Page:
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California Supreme Court: Employers Owe No Duty to Prevent Spread of COVID-19 to Employees’ Household

By: Jizell Lopez

Earlier this month, employers across this state were able to breathe a sigh of relief due to a long anticipated California Supreme Court ruling. On July 6, 2023, the Court held that employers do not owe a duty of care to prevent the spread of COVID-19 to employees’ household members.

In Kuciemba v. Victory Woodwork, Inc., Robert Kuciemba was a worker who claimed he had contracted COVID-19 while at the workplace. As a result of the alleged exposure, Mr. Kuciemba alleged he subsequently transmitted COVID-19 to his wife, who was later hospitalized and placed on a ventilator. As a result, in late 2020, Mr. and Mrs. Kuciemba filed a lawsuit in state court against the employer. Mr. Kuciemba’s wife asserted claims for negligence, negligence, per se, premises liability, and public nuisance. Mr. Kuciemba asserted a claim for loss of consortium. The case was removed to federal district court where it was dismissed in May of 2021. The 9th U.S. Circuit Court of Appeals took the case on appeal before posing its questions to the California Supreme Court.

After nearly three years since the initial filing of the case, the Court determined that Mr. Kuciemba’s wife could not proceed with her claims. The Court reasoned, “although it is foreseeable that an employer’s negligence in permitting workplace spread of COVID-19 will cause members of employee’s household to contract the disease, recognizing a duty of care to nonemployees in this context would impose an intolerable burden on employers and society in contravention of public policy.” The Court focused its ruling on the potentially negative consequence of imposing such a duty on employers. The Court ultimately reasoned that the negative consequences would outweigh the benefits by creating an enormous burden, on not only employers, but the court system and the community.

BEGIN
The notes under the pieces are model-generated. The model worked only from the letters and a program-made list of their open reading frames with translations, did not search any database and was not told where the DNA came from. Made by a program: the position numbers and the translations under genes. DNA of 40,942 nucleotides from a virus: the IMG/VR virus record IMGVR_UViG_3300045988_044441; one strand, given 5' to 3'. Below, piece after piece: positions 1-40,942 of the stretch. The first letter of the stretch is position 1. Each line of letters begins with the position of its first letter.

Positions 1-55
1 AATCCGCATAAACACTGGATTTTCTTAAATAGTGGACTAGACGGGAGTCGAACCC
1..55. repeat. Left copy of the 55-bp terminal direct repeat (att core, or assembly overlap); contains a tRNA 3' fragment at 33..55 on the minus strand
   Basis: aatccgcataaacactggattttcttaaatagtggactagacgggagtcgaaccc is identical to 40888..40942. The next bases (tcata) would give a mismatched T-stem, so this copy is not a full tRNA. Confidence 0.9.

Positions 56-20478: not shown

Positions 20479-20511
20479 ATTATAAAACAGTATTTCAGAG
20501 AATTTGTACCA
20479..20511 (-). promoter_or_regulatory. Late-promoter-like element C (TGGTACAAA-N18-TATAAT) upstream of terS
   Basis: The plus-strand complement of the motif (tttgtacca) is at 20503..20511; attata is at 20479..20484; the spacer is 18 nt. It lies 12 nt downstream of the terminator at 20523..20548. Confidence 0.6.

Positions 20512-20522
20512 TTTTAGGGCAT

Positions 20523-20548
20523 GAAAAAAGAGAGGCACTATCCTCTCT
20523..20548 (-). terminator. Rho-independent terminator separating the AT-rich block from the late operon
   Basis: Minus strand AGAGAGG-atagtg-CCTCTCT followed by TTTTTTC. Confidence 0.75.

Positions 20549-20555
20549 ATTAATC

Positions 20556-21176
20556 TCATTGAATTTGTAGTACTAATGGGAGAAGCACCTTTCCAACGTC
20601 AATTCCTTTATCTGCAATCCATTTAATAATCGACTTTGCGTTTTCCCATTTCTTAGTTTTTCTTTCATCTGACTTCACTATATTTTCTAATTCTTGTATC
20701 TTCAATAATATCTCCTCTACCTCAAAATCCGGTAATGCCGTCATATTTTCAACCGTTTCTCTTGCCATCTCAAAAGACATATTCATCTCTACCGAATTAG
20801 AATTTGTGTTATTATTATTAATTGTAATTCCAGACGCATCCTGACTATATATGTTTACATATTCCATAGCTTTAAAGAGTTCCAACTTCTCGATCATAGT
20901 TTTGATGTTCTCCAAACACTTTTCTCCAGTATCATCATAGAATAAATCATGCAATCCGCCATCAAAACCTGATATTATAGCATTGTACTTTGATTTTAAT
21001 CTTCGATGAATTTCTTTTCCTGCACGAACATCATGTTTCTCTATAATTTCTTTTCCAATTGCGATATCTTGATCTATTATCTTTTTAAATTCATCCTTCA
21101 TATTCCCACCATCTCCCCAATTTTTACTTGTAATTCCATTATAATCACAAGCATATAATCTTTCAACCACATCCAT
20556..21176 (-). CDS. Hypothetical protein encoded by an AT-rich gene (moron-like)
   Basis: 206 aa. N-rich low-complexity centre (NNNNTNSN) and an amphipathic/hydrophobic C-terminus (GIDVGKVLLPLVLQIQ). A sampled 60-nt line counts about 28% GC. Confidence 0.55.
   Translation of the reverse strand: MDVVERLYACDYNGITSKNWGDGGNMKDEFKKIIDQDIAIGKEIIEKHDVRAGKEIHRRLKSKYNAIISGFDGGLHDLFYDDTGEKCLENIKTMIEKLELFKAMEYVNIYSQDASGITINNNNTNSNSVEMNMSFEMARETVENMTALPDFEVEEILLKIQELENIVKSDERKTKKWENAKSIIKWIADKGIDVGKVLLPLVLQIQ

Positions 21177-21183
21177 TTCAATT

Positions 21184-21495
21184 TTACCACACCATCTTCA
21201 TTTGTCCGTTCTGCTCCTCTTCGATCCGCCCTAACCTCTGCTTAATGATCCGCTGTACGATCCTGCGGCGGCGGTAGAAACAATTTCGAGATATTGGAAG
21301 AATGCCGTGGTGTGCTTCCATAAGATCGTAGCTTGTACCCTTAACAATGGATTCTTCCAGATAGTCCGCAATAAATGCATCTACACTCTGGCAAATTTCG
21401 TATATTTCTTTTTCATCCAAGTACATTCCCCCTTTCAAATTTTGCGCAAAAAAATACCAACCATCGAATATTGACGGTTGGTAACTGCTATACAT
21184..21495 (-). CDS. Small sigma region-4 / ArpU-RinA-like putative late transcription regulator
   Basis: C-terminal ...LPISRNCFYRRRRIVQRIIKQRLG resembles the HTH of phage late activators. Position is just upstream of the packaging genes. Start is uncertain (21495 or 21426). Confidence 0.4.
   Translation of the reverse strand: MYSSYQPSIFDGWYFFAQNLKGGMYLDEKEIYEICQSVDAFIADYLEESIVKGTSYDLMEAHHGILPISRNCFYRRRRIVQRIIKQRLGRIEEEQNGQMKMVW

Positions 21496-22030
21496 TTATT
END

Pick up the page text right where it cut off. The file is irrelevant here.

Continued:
Although the COVID-19 state of emergency in California has ended, the Court was also concerned with what its decision could mean in the future stating, “… if a precedent for duty is set in regard to COVID-19, the anticipated costs of prevention, and liability, might cause some essential service providers to shut down if a new pandemic hits.” That is, if employers who provide essential services knew they could be liable for employees’ household COVID-19 claims, they could be reluctant to provide those services in the future.

Employers should be relieved that this long awaited liability question has been put to rest for now. Employers should still adhere to and maintain all safety protocols mandated by state and local law.

Revisiting Statutory Offers to Compromise

By: Kathryne Baldwin

The fourth appellate district published an opinion earlier this year in Smalley v. Subaru of America, Inc. (2022) 87 Cal.App.5th 450 that serves as an excellent refresher on requirements of the “998 Offer,” or a statutory offer to compromise pursuant to Code of Civil Procedure (“CCP”) §998.